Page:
Virtual Museum - Paintings and Posters

"Big Beautiful Doll" - Oil painting by Australian artist Spike Wademan. Measures 760mm x 1220mm.  Painted in 1998.

"Wairarapa Wildcat" - Oil painting by New Zealand artist Ron Fulstow.  Commissioned for cover of book Air-to-Air by Chris Rudge.  Painting depicts New Zealand ace Geoff Fisken shooting down a Japanese A6M near Guadalcanal in P-40 NZ3072.  Measures 400mm x 560mm.  Painted in 2003.

"Spitfire Supreme" - Print from an oil painting by John Young.  Print area (excluding white border) measures 705 mm by 550 mm.  This print features five pencil signatures from famous Spitfire pilots, these being:
Details of claims has been taken from Aces High by Christopher Shores and Clive Williams.

"Spitfire Mk I of 54 Squadron RAF 1940 (Colin Gray)" original drawing by Ron Fulstow and signed by Fulstow and Group Captain Colin Gray, DSO, DFC** .  This drawing was signed by Gray at the opening of the Wanaka-based New Zealand Fighter Pilot's Museum.  Drawing measures 380mm x 550mm.  Gray was:
Gray was born in Christchurch on 9 November 1914.  He joined 54 Squadron in November 1939. On 25 May 1940, after escorting Swordfish aircraft to dive-bomb Gravelines, the Squadron met a force of Bf 109's and 110's. In the action that followed, Gray destroyed a 109 before his Spitfire was badly hit. With the port aileron damaged, his aircraft  flipped over into a steep dive and it was only levelled with great difficulty. Gray headed home with no airspeed indicator, guns, flaps or brakes. He used  the emergency CO2 bottle to lower his undercarriage and landed safely on his second attempt.

On July 13 1940, Gray shot down a Bf 109 near Calais. Over the next seven weeks he claimed 14 enemy aircraft destroyed, shared another and probably destroyed or damaged a further fourteen and was awarded the DFC in mid-August.  In early September, 54 Squadron flew north for a period of rest. Gray went briefly to 43 Squadron but returned to 54 Squadron in January 1941 to replace Alan Deere (another New Zealand fighter ace) as a flight commander.  The unit returned south in late February and Gray remained until mid-June 1941 before he was posted to No.1 Squadron as a flight commander. On the 16 June, he shared in the destruction of an He 59 floatplane and on 22 August shot down a Bf 109. Gray was awarded a Bar to his DFC on September 20 1940, being by then credited with seventeen confirmed victories.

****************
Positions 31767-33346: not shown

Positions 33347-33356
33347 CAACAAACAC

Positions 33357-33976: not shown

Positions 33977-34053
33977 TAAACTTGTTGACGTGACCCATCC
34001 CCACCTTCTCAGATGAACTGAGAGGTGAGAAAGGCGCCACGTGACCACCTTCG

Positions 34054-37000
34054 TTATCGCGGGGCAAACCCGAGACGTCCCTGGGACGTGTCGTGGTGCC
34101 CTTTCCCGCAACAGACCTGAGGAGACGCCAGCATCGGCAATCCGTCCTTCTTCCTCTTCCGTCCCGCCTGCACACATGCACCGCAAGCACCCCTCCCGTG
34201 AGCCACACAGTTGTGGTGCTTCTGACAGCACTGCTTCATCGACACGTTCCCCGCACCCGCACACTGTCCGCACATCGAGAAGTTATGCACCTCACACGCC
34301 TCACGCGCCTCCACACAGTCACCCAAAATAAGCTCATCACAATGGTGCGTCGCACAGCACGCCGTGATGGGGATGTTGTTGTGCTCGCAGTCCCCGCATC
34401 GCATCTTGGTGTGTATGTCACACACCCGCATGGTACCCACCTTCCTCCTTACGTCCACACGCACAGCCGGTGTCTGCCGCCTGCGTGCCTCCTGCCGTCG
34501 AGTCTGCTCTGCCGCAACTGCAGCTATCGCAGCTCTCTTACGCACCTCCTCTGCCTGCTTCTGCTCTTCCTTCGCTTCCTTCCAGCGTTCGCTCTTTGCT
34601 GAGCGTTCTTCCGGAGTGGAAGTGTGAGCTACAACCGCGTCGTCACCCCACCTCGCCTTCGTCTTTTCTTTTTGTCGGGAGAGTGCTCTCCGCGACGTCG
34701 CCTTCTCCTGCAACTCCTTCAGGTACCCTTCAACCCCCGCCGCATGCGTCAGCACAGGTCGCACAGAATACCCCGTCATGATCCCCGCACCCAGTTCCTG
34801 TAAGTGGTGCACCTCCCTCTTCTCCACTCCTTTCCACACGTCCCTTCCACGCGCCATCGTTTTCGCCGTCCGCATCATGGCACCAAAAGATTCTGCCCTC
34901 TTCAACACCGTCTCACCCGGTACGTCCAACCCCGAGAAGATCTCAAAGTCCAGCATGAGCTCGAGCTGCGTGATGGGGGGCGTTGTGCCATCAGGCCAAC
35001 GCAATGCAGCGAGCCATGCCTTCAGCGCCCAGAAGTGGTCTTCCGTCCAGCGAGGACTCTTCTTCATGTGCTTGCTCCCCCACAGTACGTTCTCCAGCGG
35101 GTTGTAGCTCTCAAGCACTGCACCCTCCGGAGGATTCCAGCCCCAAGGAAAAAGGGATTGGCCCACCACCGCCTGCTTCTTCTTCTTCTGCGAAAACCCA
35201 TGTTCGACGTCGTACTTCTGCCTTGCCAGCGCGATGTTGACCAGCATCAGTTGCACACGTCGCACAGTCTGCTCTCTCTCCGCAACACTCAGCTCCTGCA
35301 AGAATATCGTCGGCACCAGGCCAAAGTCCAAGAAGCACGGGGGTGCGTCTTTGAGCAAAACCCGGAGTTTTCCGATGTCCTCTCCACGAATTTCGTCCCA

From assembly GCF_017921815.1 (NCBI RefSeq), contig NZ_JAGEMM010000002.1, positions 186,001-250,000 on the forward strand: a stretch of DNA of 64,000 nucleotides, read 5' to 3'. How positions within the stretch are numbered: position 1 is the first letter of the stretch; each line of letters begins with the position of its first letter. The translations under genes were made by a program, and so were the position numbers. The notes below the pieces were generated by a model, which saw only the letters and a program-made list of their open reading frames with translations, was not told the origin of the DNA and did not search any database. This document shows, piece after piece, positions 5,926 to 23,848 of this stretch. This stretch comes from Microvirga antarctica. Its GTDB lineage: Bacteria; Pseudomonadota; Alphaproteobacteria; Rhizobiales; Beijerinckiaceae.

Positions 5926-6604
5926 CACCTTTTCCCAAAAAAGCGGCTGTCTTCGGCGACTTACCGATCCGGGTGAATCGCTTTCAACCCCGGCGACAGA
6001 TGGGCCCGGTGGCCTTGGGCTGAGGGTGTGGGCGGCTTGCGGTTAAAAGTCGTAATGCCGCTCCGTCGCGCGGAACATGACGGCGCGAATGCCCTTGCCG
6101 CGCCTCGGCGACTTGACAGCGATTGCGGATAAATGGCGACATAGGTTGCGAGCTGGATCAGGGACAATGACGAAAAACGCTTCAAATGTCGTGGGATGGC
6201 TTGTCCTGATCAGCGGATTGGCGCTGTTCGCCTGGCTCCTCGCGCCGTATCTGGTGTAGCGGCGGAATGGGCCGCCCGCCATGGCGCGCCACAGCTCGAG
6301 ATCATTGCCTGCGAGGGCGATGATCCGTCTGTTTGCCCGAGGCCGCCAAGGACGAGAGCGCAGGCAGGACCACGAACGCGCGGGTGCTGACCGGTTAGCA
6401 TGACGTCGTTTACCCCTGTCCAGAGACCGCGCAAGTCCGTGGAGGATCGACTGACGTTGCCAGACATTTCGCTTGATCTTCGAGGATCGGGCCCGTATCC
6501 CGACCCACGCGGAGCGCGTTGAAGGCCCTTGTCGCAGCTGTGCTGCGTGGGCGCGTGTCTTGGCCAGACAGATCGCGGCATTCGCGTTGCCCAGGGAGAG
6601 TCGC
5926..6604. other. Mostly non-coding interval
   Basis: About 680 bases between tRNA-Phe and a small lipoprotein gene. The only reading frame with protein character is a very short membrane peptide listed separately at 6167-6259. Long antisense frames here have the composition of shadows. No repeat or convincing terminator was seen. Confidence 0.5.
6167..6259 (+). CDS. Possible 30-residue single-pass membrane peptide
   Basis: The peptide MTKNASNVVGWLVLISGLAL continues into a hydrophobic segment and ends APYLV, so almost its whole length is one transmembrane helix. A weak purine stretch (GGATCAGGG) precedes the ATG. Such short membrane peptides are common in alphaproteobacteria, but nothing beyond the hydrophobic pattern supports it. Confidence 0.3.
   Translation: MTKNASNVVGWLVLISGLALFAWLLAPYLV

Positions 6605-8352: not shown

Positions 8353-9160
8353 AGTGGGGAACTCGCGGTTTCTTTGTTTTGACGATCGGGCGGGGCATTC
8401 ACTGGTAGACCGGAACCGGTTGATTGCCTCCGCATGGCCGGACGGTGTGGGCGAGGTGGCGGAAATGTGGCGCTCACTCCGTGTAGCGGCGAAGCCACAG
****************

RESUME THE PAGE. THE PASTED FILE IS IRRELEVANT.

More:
Gray took command of 616 Squadron in late August 1941. In February 1942, he was posted to staff duties. After several short flying appointments in late 1942, he was posted to North Africa in December to take command of 81 Squadron, the first unit to fly Spitfire IX's in the Middle East.  With this mark, he quickly claimed more victories. When the North African campaign ended on 13 May 1943, Gray was awarded the DSO, after destroying a further five enemy aircraft and probably destroyed or damaged four others.  After promotion to Wing Commander, Gray was appointed to lead 322 Wing moving to Malta to prepare for the invasion of Sicily.  On 14 June 1943, he shot down a Bf 109.  Then, on the 17th, he shot down a Macchi 202, followed by a Bf109 on 10 July, invasion day.   The Wing moved to Lentini East airfield on Sicily on the 19th and, six days later, Gray led the Wing on a sweep of the Milazzo area, on Sicily's north-east coast, where it was reported that German transports would be landing supplies on the beach at Cap Milazzo.  As the Spitfires arrived, the Ju 52's were circling to land. Five escorting enemy fighters were shot down in the action and, of the twenty-one transports destroyed, Gray claimed two. They were to be his final victories.  On return to Britain, he was awarded a second Bar to the DFC.

Gray retired from the RAF in March 1961 as a Group Captain and returned to live in New Zealand, where he died at Waikanae on 1 August 1995.

Ref. No. 1169. FRAMED ORIGINAL PENCIL DRAWING OF MOSQUITO BY RON FULTOW. Number two of five originals. Depicts Mosquito EG-J of No. 487 Squadron. Drawing is signed by PO D. R. “Bob” Fowler, who was a Pilot Officer flying EG-J on the famous Amiens Prison raid:

"In March 1944, a combined force of RAF, RAAF, RNZAF and RCAF aircrew flew one of the most hazardous daylight bombing raids of WWII.  In atrocious weather their Mosquitoes and Typhoons flew an ultra-low level mission to ‘spring’ French Resistance fighters from the Amiens prison, then under control of the Gestapo.